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On Mon, 25 Nov 1991 11:33:36 GMT Donald Spaeth said:
> ...
> Has the character set group looked at issues raised by
>manuscripts (many of which lead to ambiguity?)
 
Some of these issues have indeed been explicitly considered by various
work groups, though not always by the character set group; some have
not.  For some, I am not sure what one can say beyond noting the need
for the scholar doing an encoding to think about what goes into the
encoding and what does not.  For each item you list, I give below my
best understanding of the current state of the guidelines and the
recommendations of the competent work groups; it would probably be
unwise, however, to think of these notes as authoritative.
 
>  - the use of multiple symbols to represent a single character
>    (within a single document)
 
This would be synonymy, not ambiguity, no?  If the distinction is
important, I would use distinct transcriptions for the different forms;
as always, if one of the forms were not present on the keyboard, I would
use an entity reference to transcribe it.
 
>  - changing formulation of symbols representing characters over time
 
I am not sure this is an encoding problem.  It *might* be an encoding
problem if one envisaged searching a database for all occurrences of the
letter 't' formed by method 1, vs. all occurrences of 't' formed by
method 2, vs. method 3, etc., which I assume would occur in corpora
transcribed for the study of paleography.  The use of aptly named entity
references to transcribe the different letter forms seems the obvious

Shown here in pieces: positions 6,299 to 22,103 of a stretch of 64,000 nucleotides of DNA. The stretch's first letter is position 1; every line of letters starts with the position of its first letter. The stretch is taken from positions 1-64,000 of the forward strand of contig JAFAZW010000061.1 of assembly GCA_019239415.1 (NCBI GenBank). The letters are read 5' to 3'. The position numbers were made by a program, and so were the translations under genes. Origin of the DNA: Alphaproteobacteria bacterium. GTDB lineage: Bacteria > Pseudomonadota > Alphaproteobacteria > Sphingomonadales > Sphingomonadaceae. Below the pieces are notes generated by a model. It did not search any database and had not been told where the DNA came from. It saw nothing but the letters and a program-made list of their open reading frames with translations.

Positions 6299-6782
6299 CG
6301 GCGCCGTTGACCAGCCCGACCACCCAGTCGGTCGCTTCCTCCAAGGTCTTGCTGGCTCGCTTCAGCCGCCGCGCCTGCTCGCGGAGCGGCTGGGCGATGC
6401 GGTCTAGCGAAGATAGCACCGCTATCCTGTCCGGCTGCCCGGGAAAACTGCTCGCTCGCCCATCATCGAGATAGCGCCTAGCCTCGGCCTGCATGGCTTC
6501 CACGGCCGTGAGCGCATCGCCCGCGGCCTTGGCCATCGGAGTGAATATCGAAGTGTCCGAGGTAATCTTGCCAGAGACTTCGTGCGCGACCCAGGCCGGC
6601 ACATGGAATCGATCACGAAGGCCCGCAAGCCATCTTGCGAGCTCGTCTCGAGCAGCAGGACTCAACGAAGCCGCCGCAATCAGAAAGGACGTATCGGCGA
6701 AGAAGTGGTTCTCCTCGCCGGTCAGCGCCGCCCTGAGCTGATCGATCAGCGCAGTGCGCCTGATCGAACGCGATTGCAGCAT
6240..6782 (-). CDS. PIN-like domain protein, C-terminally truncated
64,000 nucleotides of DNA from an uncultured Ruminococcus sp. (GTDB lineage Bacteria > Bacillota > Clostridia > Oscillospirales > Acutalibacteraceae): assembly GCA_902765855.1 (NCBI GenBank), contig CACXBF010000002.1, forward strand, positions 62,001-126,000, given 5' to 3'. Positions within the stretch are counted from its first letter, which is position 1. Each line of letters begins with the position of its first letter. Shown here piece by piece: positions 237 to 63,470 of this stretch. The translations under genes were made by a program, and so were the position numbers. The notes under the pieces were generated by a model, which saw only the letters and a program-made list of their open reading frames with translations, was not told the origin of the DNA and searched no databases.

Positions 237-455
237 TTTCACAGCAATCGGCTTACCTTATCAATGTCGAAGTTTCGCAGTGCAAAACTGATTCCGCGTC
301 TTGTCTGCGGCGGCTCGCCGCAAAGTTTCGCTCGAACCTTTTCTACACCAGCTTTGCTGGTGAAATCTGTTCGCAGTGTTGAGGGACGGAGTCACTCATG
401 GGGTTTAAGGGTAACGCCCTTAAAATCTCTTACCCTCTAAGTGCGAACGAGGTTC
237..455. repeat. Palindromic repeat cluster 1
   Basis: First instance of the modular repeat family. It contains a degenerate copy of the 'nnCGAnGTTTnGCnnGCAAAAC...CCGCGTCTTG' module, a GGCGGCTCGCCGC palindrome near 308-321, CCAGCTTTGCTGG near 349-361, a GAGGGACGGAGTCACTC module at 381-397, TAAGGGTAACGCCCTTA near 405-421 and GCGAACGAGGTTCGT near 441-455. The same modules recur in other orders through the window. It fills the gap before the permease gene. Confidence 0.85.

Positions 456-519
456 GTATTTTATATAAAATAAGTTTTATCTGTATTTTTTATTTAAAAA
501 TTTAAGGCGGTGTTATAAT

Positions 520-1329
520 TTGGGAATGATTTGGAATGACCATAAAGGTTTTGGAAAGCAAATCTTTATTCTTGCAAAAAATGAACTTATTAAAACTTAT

way to go (by the same logic as above:  if it's not on the keyboard, use
an entity reference).
 
>  - the presence of particular standard hands, e.g. Court hand,
>    Secretary hand
 
For just such purposes as this was the RENDITION attribute provided.
Since no one seems to agree on what the standard hands are, or what
details of hand / typography / layout / presentation are to be recorded,
the RENDITION attribute remains pretty much of a blank slate.  We had
hoped to provide much firmer guidance on its use in version 2 of the
Guidelines, but it would appear that the detailed physical description
of the running text in books and manuscripts is not quite ripe for
standardization.  Be this so or not, we are not going to have much on
using RENDITION in version 2:  it's still going to be something one
works out for oneself.
 
The TEI case book (which will accompany the guidelines themselves, but
be prepared separately) will, I hope, have an example of a rational
extension of the RENDITION attribute with the characteristics of
rendition considered useful by one specific project.
 
>  - the use of non-character symbols, e.g. shapes representing days
>    of the week or used as marks in place of signatures (which may be
>    'x's, shapes representing a trade or unknown shapes)
 
Entities.  Entities all.  The Writing System Declaration provides a slot
for describing character shapes, though at present it does not prescribe
any particular form for the description.  The font-information people
(separate from the TEI) are working on this and one hopes they will
produce something useful for such ms. marks.  For the moment, I'd use
bit maps or Metafont programs or even little drawings with exes and
spaces.  If I were transcribing 20,000 medieval charters and I found
myself finding more than a few brand new shapes to describe in every
charter (i.e. if I found myself looking at a total, over the project, of
more than about 50,000 distinct entities), I might consider trying to
capture the information in prose annotations (or rethink my approach to
capturing the characters).  I would not hesitate, however, to build up a